Liberty Global buys stake in Dutch cable operator
US cable giant Liberty Global said Thursday that it has paid more than a half billion euros for a minority stake in Dutch cable operator Ziggo, the latest step in Liberty's march into strategic European markets.
Liberty Global "has acquired 25.3 million shares in Ziggo from Barclays Capital Securities Limited... for a total investment of approximately 632.5 million euros," or about $807 million, the Colorado-based cable group said in a statement.
"As a result of this investment, Liberty Global owns 12.65 percent of Ziggo, based on the shares outstanding as of December 31, 2012," it added.
The announcement came just over a month after Liberty said it would acquire Virgin Media in a stock and cash merger valued at $23.3 billion. That mega-deal would cover 47 million homes and serve 25 million customers in 14 countries.
The purchase of a stake in Ziggo, the Netherlands' largest cable operator which serves around 2.8 million households, was "an attractive opportunity to make a strategic investment in a market where it already enjoys a sizeable presence," Liberty said in reference to Ziggo.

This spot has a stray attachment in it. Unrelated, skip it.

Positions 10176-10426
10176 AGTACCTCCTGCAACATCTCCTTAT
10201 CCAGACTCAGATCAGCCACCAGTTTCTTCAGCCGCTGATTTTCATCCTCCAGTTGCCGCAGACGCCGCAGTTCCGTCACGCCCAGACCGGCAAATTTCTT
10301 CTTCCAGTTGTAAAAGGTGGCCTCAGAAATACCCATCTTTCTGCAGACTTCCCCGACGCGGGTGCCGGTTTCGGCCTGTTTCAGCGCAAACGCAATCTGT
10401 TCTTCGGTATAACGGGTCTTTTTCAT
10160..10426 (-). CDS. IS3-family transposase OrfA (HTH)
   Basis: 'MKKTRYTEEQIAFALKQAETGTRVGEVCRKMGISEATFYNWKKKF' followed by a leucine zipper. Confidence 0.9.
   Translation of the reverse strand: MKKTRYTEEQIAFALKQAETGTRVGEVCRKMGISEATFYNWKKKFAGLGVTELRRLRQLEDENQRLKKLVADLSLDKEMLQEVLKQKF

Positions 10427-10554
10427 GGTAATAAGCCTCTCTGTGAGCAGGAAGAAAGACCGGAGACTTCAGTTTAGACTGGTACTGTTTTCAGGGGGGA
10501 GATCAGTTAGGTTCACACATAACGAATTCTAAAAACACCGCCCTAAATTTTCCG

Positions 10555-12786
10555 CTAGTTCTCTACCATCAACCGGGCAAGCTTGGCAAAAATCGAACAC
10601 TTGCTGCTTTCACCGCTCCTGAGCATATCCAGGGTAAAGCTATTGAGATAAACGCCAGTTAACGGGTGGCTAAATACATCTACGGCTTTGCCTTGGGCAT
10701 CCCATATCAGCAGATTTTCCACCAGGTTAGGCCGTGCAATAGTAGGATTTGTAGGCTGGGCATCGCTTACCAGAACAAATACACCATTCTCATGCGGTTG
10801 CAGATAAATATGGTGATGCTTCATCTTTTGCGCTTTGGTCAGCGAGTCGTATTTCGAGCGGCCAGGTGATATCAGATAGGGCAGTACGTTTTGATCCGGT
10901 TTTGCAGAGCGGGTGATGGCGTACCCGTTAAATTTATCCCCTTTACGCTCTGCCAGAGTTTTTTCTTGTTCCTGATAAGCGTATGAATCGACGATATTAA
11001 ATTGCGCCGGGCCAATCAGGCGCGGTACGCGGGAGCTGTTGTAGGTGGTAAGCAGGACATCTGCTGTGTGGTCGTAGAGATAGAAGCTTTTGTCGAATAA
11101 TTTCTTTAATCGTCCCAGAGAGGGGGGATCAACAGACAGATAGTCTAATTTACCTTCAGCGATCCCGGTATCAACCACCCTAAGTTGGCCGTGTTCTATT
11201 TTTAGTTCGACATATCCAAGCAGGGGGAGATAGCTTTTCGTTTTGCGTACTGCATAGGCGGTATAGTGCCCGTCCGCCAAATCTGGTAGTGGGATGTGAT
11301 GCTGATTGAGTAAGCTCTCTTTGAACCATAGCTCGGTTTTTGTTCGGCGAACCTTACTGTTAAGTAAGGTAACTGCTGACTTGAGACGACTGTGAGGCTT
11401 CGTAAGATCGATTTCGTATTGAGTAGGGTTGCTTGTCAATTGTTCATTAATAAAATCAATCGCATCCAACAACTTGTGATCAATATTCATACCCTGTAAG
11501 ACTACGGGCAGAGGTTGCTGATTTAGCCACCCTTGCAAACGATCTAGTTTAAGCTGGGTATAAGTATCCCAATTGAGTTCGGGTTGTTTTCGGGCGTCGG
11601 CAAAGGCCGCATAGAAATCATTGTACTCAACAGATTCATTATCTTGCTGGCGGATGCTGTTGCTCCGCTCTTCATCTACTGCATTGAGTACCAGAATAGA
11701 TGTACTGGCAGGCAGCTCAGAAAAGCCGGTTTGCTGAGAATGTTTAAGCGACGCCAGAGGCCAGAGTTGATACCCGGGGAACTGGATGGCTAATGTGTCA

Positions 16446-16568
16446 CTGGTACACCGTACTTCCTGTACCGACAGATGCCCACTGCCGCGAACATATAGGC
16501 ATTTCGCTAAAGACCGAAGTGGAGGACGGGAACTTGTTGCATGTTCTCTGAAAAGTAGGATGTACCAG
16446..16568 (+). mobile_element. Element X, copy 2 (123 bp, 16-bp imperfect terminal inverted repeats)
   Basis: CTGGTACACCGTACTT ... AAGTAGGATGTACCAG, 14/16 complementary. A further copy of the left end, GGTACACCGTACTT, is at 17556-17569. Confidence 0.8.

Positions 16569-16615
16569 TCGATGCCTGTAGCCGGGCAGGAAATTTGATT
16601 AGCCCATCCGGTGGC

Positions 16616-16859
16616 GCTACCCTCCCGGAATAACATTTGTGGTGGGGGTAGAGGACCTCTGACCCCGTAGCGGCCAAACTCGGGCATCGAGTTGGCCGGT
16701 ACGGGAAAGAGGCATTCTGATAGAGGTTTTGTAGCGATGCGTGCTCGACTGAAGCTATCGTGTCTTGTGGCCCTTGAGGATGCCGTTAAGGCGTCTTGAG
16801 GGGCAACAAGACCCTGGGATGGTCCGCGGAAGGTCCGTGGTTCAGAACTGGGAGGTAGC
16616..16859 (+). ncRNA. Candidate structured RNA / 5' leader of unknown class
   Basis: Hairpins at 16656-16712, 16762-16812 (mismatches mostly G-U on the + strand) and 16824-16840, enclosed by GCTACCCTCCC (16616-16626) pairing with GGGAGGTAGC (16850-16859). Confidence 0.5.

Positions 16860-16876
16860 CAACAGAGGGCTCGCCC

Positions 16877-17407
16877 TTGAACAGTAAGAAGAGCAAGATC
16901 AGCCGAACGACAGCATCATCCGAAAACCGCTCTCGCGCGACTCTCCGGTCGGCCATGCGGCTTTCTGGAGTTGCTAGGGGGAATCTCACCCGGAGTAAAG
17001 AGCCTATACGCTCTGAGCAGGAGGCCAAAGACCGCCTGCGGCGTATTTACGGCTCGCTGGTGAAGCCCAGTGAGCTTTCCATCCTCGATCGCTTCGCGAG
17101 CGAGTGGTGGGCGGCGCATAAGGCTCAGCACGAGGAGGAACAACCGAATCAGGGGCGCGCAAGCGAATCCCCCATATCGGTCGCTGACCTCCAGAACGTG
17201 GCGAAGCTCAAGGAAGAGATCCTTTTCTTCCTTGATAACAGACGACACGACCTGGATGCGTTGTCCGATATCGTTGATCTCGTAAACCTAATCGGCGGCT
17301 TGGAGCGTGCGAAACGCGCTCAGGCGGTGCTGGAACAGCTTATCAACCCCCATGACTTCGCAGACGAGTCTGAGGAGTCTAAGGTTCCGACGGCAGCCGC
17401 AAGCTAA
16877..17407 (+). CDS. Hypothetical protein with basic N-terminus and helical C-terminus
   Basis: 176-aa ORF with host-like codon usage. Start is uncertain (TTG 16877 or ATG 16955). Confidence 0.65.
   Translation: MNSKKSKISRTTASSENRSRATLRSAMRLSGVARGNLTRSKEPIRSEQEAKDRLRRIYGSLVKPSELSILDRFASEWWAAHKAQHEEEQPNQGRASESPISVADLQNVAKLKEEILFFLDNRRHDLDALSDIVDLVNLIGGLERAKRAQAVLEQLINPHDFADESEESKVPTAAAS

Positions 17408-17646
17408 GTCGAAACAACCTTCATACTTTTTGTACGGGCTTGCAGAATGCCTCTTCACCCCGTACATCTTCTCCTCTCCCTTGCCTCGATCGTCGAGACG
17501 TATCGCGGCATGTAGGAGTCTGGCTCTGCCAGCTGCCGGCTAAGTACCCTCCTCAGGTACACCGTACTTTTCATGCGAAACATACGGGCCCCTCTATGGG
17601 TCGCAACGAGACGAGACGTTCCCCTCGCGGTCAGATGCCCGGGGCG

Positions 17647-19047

Further sweetening the deal was a roughly 7.4 percent dividend yield on Ziggo shares, which was "implied by Ziggo's expectation that it will pay 370 million euros of dividends during 2013," Liberty added.
The deal will be financed with a loan and existing liquidity, the group said.
"As the transaction does not result in Liberty Global obtaining a controlling interest in Ziggo, no regulatory approvals are required," it noted.
Ziggo reacted in a short statement that said its board took note of the deal.
"We have been informed of the step," Ziggo spokesman Martijn Jonker told AFP.
"We will continue to focus on executing Ziggo's strategy in the best interest of its stakeholders," he added.
Now active in 13 countries, including 11 in Europe, Liberty bought Unitymedia and Kabel BW, the number two and three German cable operators respectively, in 2010 and 2011.
In January, Liberty announced however that it had abandoned an initial public offering for the Belgian company Telenet after only being able to attract 58.3 percent of the capital.